For persons living with dementia the use of these technologies can enhance their lives in ways we didn’t know was possible (Peterson and Prasad, 2012). From schedule organizers to auditory reminders these technologies offer meaning to persons with dementia. The use of medication reminders and use of telecare systems can monitor a person while in their own home environment. Use of smart homes technologies allows individuals to stay in their homes for greater periods of time. Assistive technologies do not need to be high tech. Even simple adaptive equipment such as using an adaptive eating utensil can allow individuals to participate in functionally based tasks more independently. The creation of the iPad and other tablet based systems allows a person to continue to communicate with others, listen to music, watch videos and work on cognitive skills development through the use of varied apps. The iPad has a wealth of built in accessibility features that truly focus on the needs of each individual, allowing them to work on the iPad as independently as possible (Pak and Hin, 2014). The exploration of robotics is an emerging technology that is developing robots that provide care, encourage socialization and can actually be-friend their human counter parts (Moyle, Cooke, Jones, Klein, Cook, and Gray C, 2013). Assistive technologies can give hope to both the individual living with Dementia as well as to their caregivers. They can allow these individuals to live in their own homes for longer periods of time. They can work on skill development in cognition and overall physical and visual functioning. Assistive Technologies help to find organization in a disorganized world. The use of assistive technology for persons with dementia can greatly enhance their quality of life overall.

A GLOBAL CHALLENGE

We are aging. It is part of life and for each of us will lead to eventual death but does this road that we all walk upon need to be one of sadness when we are older or instead can we look at this concept of aging as a new beginning? The world is aging with us. Societies all over the globe are facing this challenge of an aging population and what it means to society at large. The use of varied assistive technologies is just one approach that will allow this aging population to do so with grace. Each individual has the power to decide which technologies meet their needs. It is our role as therapists to evaluate, to inform and to find solutions. We, as Occupational Therapists are in a unique position to offer assistance in this area. We have the expertise in adaptive equipment. We work on prevention of loss and improving independence. Work, self-care and leisure are our areas of practice where the use of assistive technologies can truly make a difference. Answers are out there. This concept of Dementia and how the use of assistive technologies can be a part of the solution is a huge topic. This topic cannot fully be explored in just one article. There are resources out there to help in this challenge. One course entitled “Assistive Technology and Dementia: Therapeutic Tools to Enhance the Lives of Clients Living with Dementia” published by otcourses.com offers more insight into this challenge and possible solutions to this problem. We hope it will also encourage conversation about this complex issue. It is a challenge that needs to be explored. There are answers out there. We can find these solutions together. We, as Occupational Therapists need to think and practice differently as the world changes around us. We are part of a more positive tomorrow!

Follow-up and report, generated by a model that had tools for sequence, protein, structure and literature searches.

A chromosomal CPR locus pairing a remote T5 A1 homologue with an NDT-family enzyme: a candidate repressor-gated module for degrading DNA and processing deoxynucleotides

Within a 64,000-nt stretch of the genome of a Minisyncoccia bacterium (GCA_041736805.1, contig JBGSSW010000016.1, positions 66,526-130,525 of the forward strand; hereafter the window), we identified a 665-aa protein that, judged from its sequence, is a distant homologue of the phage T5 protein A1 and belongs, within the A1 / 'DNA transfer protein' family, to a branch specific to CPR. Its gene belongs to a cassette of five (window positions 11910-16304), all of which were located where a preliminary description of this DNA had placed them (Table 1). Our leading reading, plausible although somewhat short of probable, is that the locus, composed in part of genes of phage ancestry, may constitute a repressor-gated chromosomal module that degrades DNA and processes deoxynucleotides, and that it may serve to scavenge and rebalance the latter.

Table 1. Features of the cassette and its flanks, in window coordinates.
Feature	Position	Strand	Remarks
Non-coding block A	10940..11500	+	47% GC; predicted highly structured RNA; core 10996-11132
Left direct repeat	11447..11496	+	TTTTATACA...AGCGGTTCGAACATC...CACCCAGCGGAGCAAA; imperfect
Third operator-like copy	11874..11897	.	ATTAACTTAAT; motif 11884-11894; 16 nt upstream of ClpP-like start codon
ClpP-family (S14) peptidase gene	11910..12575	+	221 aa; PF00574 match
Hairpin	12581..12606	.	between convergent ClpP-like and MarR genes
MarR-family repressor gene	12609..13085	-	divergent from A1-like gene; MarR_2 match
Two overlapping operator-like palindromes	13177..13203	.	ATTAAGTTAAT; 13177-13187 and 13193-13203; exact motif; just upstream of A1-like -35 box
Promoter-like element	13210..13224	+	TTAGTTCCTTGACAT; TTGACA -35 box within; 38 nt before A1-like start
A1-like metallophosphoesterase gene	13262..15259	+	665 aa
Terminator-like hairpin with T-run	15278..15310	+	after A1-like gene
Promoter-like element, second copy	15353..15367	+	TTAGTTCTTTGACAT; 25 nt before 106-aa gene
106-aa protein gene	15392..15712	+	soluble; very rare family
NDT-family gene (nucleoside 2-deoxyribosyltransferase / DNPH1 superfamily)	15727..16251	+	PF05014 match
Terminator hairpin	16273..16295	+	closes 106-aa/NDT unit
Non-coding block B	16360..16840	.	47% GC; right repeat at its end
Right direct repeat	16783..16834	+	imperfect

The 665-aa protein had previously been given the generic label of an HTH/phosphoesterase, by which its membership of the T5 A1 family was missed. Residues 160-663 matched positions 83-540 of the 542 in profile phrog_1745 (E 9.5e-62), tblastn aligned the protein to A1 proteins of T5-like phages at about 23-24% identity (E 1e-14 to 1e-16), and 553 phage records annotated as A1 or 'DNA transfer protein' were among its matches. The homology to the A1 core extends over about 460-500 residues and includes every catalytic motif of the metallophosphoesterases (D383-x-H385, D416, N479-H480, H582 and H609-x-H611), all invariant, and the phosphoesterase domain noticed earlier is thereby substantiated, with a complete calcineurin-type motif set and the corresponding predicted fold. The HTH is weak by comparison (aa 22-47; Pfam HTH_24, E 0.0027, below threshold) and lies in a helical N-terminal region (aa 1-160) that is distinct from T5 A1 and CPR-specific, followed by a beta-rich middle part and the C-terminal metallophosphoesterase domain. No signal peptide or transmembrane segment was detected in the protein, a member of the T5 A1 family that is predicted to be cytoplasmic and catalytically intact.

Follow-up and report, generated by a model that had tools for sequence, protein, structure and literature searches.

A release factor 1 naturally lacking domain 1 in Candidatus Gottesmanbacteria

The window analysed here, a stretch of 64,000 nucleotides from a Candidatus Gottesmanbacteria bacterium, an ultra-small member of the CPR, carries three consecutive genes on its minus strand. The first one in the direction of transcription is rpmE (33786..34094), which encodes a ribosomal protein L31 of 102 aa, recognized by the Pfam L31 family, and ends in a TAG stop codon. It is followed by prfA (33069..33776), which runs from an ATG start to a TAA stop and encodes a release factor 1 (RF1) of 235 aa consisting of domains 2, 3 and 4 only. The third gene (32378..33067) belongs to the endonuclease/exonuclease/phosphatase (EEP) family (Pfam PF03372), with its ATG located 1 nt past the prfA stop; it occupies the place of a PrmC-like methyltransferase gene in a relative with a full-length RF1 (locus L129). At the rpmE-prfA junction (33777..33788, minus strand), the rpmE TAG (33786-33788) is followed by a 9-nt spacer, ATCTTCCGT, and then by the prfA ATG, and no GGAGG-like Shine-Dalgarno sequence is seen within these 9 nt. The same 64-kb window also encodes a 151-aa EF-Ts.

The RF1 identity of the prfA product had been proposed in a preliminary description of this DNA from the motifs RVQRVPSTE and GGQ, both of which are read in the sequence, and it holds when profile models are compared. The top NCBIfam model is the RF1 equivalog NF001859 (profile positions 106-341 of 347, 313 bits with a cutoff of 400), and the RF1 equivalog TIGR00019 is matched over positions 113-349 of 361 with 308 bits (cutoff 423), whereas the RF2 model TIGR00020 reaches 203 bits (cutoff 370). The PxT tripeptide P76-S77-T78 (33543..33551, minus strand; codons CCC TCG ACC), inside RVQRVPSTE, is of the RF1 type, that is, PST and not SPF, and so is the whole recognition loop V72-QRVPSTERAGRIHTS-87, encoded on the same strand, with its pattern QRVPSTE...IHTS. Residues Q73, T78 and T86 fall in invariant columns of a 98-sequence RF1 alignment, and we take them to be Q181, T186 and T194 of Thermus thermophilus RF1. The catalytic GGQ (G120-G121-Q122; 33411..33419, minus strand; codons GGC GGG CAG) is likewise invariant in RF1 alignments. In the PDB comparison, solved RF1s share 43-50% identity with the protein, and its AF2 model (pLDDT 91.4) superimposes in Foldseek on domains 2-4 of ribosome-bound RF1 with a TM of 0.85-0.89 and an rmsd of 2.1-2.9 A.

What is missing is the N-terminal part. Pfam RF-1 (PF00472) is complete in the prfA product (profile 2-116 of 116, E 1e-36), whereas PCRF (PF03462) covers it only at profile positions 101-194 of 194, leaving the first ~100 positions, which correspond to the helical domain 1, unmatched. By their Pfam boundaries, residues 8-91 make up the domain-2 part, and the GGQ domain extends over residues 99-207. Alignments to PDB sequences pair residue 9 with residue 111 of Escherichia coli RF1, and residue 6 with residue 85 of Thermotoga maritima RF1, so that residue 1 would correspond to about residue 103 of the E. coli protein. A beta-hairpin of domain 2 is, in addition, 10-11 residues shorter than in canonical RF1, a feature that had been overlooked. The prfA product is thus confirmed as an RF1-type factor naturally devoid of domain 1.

Learn more:

Health Care in the Modern Age: Trends in Health Information Technology
The advancement of both technology and healthcare has produced the need for more efficient health and storage technology systems. This course provides an overview of health information technology systems and touches upon state laws and regulations and enforcement of these laws. Take Course
 

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About Author

MaryJane Frick OTR/L, ATP, CDP

MaryJane Frick OTR/L, ATP, CDP and Wanda Kolipinski COTA/L, ATP, IMC, CBIS have over 30 years of experience in the field of Occupational Therapy and Assistive Technology. They are Certified Assistive Technology Professionals through the Rehabilitation Engineering and Assistive Technology Society of North America – RESNA. Mary Jane and Wanda have presented topics of Assistive Technology to parents, students, colleagues and professionals at both the local and national level. They additionally have published nationally on various topics in assistive technology.

Wanda Kolipinski COTA/L, ATP, IMC, CBIS

MaryJane Frick OTR/L, ATP, CDP and Wanda Kolipinski COTA/L, ATP, IMC, CBIS have over 30 years of experience in the field of Occupational Therapy and Assistive Technology. They are Certified Assistive Technology Professionals through the Rehabilitation Engineering and Assistive Technology Society of North America – RESNA. Mary Jane and Wanda have presented topics of Assistive Technology to parents, students, colleagues and professionals at both the local and national level. They additionally have published nationally on various topics in assistive technology.